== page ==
a moment suggest that the Admiralty had most important feature which they could any right to act on the advice of their not afford in any way to injure. Unless experts without submitting their proposals it was absolutely necessary they should to the House, but simply that they could jealously guard against any action not submit their proposals until they had which would introduce division or section considered the result of their experts' into any class of the Navy. It was investigations.

It was investigations. As to the suggested originally considered whether there should Estimates Committee, the Prime Minister be two rival schools, one at Osborne had really answered that point. The


hon. Member for Devonport had raised should not be laid down when there was a very legitimate question as to the field a prospect of better designs being proof selection for cadetships, and it might be duced within a short time, it should be a satisfaction to him to know that on the borne in mind that if that practice was last entry three sons of engineer officers adopted they would never lay down ans in the Navy had actually obtained ships at all, because they were always at nomination. There would be no narrow- work trying to improve designs. There ing of the ground for nom nation by the was no method by which ships could be First Lord; that would be done only by laid down with certainty except that of the committee of selection, which con- determining to lay them down at a sisted of naval officers and civilians certain time to the best designs then skilled in education. A further question available. If Noah had proceeded on the raised by the hon. Member was with principle suggested by the hon. Member regard to separation money for the the ark would not have been completed Marines. Considerable advantages had yet. The matter had been fully corbeen given to the Marines to correspond sidered, and the balance of advantage to the increased pay of the Army. had appeared to lie in laying down the The Admiralty had the fullest sym- ships at once. pathy on general grounds with the suggestion that this separation or lodging MR. EDMUND ROBERTSON said that money should be granted, but the condi- both sides were agreed that the Estimates tions practically precluded it from being were enormous; the difference between done. The money was really given not as them was that they on the Opposition side a separation allowance to the wives and held it to be the duty of this country, a children, but as a lodging allowance to the supreme Naval Power in the world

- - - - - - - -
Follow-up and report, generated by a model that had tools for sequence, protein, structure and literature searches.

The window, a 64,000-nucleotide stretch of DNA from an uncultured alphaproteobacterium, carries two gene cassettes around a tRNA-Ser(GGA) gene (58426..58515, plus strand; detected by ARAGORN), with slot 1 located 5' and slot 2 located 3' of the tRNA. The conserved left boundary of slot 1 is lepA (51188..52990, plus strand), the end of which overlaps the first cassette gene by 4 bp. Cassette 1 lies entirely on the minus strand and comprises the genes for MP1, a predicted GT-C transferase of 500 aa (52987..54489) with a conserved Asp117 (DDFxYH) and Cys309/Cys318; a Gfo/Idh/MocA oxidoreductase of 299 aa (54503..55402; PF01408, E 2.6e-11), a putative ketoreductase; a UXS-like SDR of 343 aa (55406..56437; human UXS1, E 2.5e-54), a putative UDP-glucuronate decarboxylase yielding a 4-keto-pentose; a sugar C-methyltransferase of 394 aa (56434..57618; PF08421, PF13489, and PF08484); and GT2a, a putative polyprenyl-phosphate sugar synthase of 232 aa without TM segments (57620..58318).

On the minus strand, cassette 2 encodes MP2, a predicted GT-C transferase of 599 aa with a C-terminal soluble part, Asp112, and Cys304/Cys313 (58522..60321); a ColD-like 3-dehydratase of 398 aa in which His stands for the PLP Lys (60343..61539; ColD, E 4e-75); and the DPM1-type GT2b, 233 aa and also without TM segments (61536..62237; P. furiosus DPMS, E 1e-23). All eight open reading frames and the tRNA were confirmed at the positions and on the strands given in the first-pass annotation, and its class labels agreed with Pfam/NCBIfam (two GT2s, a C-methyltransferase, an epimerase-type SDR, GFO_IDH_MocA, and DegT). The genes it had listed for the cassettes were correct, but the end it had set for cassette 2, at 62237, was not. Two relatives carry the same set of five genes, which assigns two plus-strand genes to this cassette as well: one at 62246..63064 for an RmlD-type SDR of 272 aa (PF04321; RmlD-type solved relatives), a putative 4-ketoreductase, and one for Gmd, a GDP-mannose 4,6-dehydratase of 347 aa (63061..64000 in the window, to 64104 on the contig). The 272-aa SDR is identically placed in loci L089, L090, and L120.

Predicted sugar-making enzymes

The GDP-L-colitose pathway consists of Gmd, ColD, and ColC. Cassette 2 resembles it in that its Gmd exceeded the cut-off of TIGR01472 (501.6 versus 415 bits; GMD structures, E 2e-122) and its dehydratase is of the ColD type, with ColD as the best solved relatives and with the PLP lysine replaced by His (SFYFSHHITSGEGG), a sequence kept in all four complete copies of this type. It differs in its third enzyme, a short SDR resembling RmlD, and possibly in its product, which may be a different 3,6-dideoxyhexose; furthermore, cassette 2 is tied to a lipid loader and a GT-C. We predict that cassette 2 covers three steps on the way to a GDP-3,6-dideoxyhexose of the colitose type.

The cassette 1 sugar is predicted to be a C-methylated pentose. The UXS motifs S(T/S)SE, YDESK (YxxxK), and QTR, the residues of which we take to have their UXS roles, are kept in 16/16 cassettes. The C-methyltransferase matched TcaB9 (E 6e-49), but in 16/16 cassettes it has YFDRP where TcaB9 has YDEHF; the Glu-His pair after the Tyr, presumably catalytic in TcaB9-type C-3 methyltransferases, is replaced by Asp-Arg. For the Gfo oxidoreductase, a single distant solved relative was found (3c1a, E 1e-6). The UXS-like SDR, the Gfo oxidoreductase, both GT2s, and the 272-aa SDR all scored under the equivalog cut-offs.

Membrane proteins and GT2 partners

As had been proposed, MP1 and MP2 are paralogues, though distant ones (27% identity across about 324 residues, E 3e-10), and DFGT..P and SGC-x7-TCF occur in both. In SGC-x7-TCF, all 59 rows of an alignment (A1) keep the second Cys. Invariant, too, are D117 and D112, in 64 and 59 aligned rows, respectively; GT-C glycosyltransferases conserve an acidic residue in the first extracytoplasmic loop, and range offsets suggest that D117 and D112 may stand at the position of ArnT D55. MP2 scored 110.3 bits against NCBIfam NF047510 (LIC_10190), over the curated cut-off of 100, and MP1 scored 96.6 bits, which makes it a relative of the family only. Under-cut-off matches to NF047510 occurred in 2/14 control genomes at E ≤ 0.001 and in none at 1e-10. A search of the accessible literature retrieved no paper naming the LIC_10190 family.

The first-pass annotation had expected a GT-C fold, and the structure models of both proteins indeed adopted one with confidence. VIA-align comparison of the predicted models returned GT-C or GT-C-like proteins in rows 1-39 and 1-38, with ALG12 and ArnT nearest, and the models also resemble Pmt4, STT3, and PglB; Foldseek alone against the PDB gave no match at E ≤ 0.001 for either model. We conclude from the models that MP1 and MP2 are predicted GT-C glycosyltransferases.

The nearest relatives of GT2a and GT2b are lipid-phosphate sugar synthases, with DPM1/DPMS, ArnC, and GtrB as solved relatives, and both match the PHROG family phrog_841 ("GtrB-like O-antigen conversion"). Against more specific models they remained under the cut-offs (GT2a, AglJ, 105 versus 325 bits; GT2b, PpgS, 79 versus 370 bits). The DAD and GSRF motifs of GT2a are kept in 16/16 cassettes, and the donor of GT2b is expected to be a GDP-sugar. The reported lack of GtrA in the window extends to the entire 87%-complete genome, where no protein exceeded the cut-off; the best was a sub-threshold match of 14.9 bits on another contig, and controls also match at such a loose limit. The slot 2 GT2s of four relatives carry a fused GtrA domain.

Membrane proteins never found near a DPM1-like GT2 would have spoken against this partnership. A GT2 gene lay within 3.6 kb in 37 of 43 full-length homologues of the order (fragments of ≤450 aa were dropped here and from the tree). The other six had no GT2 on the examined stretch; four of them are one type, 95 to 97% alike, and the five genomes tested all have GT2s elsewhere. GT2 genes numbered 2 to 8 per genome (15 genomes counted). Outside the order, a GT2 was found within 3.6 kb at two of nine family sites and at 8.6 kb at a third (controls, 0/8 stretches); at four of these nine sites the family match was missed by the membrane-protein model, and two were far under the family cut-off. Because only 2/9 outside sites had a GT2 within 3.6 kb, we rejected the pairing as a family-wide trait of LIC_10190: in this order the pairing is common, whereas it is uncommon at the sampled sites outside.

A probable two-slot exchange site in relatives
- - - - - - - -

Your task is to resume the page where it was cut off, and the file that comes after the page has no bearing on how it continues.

, to the men themselves, because accommoda- take the initiative in trying to bring tion was not provided for them in to an end this ruinous paval competition barracks. On board ship lodging was pro- The Prime Minister had refused to take vided ; consequently the Marine was not the initiative and they contended tha: entitled to the allowance when afloat. he was wrong. The right hon. Gentlemar Moreover, the Marines, when on shore, had stated that it was not for him to were under the Army Act, under which the take the initiative, but that was a persystem of lodging allowances obtained on fectly monstrous proposition coming the ground he had stated; but when the from a Government which was responsible Marines were on board ship they were for one of the greatest wars of aggression under the Naval Discipline Act, which that the century had known. It was recognised no such system. Therefore, to said that ours was only a defensive give a separation allowance to Marines policy, but France said the same thing afloat would raise the much larger question The hon. Gentleman opposite had said of whether it would not necessarily we had no motive for a Navy except have to be given also to all seamen of to defend ourselves. He was glad that the Navy. On the grounds of policy the Liberal Party had pledged itself to such an allowance could not very well be the proposition that it was the duty of made. With regard to carrying a school- this country to take the initiative and master on every ship, that would be a declare that this policy was ruining the very large departure, and one which was country, and they ought to sit down with not likely to commend itself to the Navy. Other countries in order to see if some Every boy who went through the curri- means could not be invented to bring culum of a training ship ought to have their system of Navy expenditure to an the necessary instruction in stoke-hold end.

The hon. and gallant Member and mechanician's duties, and in gunnery, for Yarmouth



he had never but it did not follow that that instruction clamoured for expenditure upon the would best be given by schoolmasters. Navy, although he was afraid that these The question raised by the hon. Member of the automatic increases. The Secre

Estimates must grow larger on acconnt for East Perth had already been fully tary to the Admiralty had somewhat midiscussed. While there was considerable stated his position, which was that when force in the argument that a new ship the Shipbuilding Vote was normal it

Mr. Pretyman.